Look at the doorways. Some entrances have a double-jamb doorway. This means that it the entrance to a sacred place, such as the priest’s quarters and areas used for ceremonies.

Double-jamb doorway in Machu Picchu. (Photo: Megan Kopp)

Many doorways are quite tall. There is a reason. Inca rulers were carried everywhere. The extra height was necessary to facilitate movement of the Inca.

Entrance doors are almost always trapezoidal in shape. They look cool, but there is more to it. Earthquakes are common in the region. Trapezoidal shapes are strong. They resist movement.

Now, check out the roofs. Cylindrical stones were stacked in the gables. Decorative? No, they had a purpose. These stones were used to tie down wooden roof beams to keep the roof from blowing off in strong winds.

Note the less precise stone construction of the guardhouse and the tie down rocks for the roof. (Photo: Brad Kopp)

Machu Picchu’s Story of Random Stones

This carved granite altar was used for funeral rituals, sacrifices and offerings to Pachamama, Mother Earth. (Photo: Brad Kopp)

The Funeral Rock next to the Guardhouse is a granite block delicately carved into an altar. It was used for funeral rituals, sacrifices, healings and offerings to Pachamama, Mother Earth. Most people see the large funeral rock, few see the smaller stones.

Machu Picchu’s story includes these miscellaneous stones found around the funeral rock are called the Apacheta. (Photo: Brad Kopp)

The Apacheta is a collection of medium-sized volcanic, limestone, sandstone, and other stones not native to the area. They are now found littered around the funeral rock. It is thought that these stones were brought by pilgrims as offerings during Inca times. When a pilgrim crosses a mountain pass (abra) or visits a sacred place for the first time, carry a stone to make an offering to gain protection from mountain spirits.

Each stone in Machu Picchu holds a story – a story of purpose, a story of vision, a story of belief. Machu Picchu’s story is written in stone.

Read more about the Historic Sanctuary at Machu Picchu on the UNESCO WHC website.

What stories did you uncover in your visit to this storied place?

Planning to Go?

A wide selection of accommodation options can be found in nearby Agua Calientes, also known as Machupicchu.

The Wild Side of Machu Picchu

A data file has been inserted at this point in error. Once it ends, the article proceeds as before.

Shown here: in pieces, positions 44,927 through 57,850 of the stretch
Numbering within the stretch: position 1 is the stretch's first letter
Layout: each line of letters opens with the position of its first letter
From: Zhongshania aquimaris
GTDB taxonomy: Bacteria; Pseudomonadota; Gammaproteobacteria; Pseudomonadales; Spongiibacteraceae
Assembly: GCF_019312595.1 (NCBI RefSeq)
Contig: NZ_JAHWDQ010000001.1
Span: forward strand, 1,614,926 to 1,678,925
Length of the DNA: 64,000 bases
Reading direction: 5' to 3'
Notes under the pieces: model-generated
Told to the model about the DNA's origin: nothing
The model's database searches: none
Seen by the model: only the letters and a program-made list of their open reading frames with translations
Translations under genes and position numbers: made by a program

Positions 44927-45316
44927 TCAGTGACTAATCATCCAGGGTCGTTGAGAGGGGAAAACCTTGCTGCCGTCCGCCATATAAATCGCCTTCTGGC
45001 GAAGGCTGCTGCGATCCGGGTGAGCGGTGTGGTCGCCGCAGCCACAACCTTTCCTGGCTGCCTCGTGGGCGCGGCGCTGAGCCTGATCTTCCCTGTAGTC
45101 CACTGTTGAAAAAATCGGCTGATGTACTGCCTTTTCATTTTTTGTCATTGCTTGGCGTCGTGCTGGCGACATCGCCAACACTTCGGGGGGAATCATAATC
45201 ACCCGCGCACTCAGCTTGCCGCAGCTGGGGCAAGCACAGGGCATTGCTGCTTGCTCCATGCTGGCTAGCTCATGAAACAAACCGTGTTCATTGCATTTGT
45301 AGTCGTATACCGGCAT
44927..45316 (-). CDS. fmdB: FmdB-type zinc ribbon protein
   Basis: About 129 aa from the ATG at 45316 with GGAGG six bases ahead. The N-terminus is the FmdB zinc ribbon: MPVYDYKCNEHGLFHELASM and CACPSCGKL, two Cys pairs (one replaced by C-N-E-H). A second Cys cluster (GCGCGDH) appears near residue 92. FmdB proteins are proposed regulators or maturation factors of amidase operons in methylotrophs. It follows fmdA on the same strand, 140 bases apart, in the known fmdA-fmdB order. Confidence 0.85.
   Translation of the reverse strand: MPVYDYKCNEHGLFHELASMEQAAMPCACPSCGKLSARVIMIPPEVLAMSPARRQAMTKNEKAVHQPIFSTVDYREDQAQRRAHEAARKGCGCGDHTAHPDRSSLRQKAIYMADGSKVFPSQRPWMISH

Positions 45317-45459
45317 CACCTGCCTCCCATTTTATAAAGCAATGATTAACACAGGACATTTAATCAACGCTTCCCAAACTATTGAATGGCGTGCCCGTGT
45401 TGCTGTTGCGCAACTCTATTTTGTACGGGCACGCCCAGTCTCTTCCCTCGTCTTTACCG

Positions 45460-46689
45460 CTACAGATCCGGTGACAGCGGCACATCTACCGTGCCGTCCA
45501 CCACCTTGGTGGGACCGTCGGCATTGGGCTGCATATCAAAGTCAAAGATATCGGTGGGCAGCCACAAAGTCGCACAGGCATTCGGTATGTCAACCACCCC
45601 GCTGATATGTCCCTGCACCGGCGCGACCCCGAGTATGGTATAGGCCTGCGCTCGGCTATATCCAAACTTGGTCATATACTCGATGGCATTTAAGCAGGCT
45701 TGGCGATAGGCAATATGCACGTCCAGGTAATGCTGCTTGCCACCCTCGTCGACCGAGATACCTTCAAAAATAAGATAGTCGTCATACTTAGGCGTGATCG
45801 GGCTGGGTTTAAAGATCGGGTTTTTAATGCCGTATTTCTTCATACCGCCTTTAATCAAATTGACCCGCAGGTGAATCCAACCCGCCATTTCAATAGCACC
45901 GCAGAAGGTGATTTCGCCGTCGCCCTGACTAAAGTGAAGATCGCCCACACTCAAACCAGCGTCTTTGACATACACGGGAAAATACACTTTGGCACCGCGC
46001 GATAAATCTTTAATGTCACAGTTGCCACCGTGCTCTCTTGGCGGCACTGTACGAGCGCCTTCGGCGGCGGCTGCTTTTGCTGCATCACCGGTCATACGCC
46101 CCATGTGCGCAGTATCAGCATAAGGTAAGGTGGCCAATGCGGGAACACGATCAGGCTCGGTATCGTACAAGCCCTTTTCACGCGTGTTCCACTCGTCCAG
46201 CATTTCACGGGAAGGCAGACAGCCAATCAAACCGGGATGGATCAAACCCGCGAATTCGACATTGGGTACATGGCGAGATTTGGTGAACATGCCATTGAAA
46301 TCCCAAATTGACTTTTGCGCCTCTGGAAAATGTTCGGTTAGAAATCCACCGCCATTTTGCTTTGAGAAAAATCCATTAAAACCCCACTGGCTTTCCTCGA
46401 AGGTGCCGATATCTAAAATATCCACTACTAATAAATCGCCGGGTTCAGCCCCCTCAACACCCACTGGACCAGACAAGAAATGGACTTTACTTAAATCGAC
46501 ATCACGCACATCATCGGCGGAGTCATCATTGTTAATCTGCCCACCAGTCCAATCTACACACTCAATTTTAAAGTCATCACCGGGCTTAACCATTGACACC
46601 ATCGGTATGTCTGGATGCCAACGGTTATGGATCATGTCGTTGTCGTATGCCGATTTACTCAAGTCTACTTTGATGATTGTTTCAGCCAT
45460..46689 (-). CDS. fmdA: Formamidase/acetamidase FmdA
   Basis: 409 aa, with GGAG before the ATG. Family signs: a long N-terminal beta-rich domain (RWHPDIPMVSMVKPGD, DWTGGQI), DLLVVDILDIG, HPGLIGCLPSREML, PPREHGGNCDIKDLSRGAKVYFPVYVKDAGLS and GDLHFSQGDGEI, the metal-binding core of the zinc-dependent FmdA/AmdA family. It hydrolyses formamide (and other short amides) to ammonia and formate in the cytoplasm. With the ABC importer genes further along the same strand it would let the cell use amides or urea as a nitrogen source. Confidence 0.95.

WRITTEN BY: MEGAN KOPP

Disclosure: This post may contain Affiliate Links.

Machu Picchu – architectural wonder, Inca monument, historic gem. All are fitting descriptions for this fortress carved of stone, but I’m going to detour for a moment and take you along for a walk on Machu Picchu’s wild side.

Discovering Machu Picchu’s Wild Things

Thousands of visitors flock to Peru’s Andes on a quest to tick off Machu Picchu on their bucket lists – and for good reason. Machu Picchu is a stunning example of Incan engineering prowess.

We finally made it! (Credit: Megan Kopp)

Stone temples and carefully placed sacred rocks perch on a pass between 2,750-metre high Waynapicchu and the 3,050-metre high Machupicchu mountains. The sheer majesty of the view and the architecture make everything else irrelevant…

… until a bear walks by.

Bears? In Machu Picchu?

Apparently.

I wish we’d been one of the fortunate ones to have witnessed the spectacle of the Andean bear sauntering through Plaza Principal or scaling the terraces in the Agricultural sector, but just the fact that they are here is captivating.

Lucky visitors have videoed Andean bears – also known as spectacled bear – at Machu Picchu.

A Little Llama Love

While we didn’t personally see any bears during our visit – next time! –  we did find a wild side to Machu Picchu, starting with the llamas.

Photo star of Machu Picchu! (Photo: Brad Kopp)

 

Llamas are not exactly wild. They were brought to the site as workers. Yup, they are the lawnmowers that keep the terraces cropped. We saw four and one sweet baby still wobbly on its feet. The llamas are free to wander, but why would they want to  go anywhere else when they can get free food with little competition and get to pose for the paparazzi whenever they want?

Chillin’ Cinchillas

Technically, the large, bushy-tailed rodents that scamper around the boulders – often overlooked by visitors – are called viscachas. But they are members of the chinchilla family. Their fur matches the colours of the stones for perfect camouflage.

Looking like a cross between a rabbit and squirrel, the southern viscacha is a Machu Picchu original! (Photo: Brad Kopp)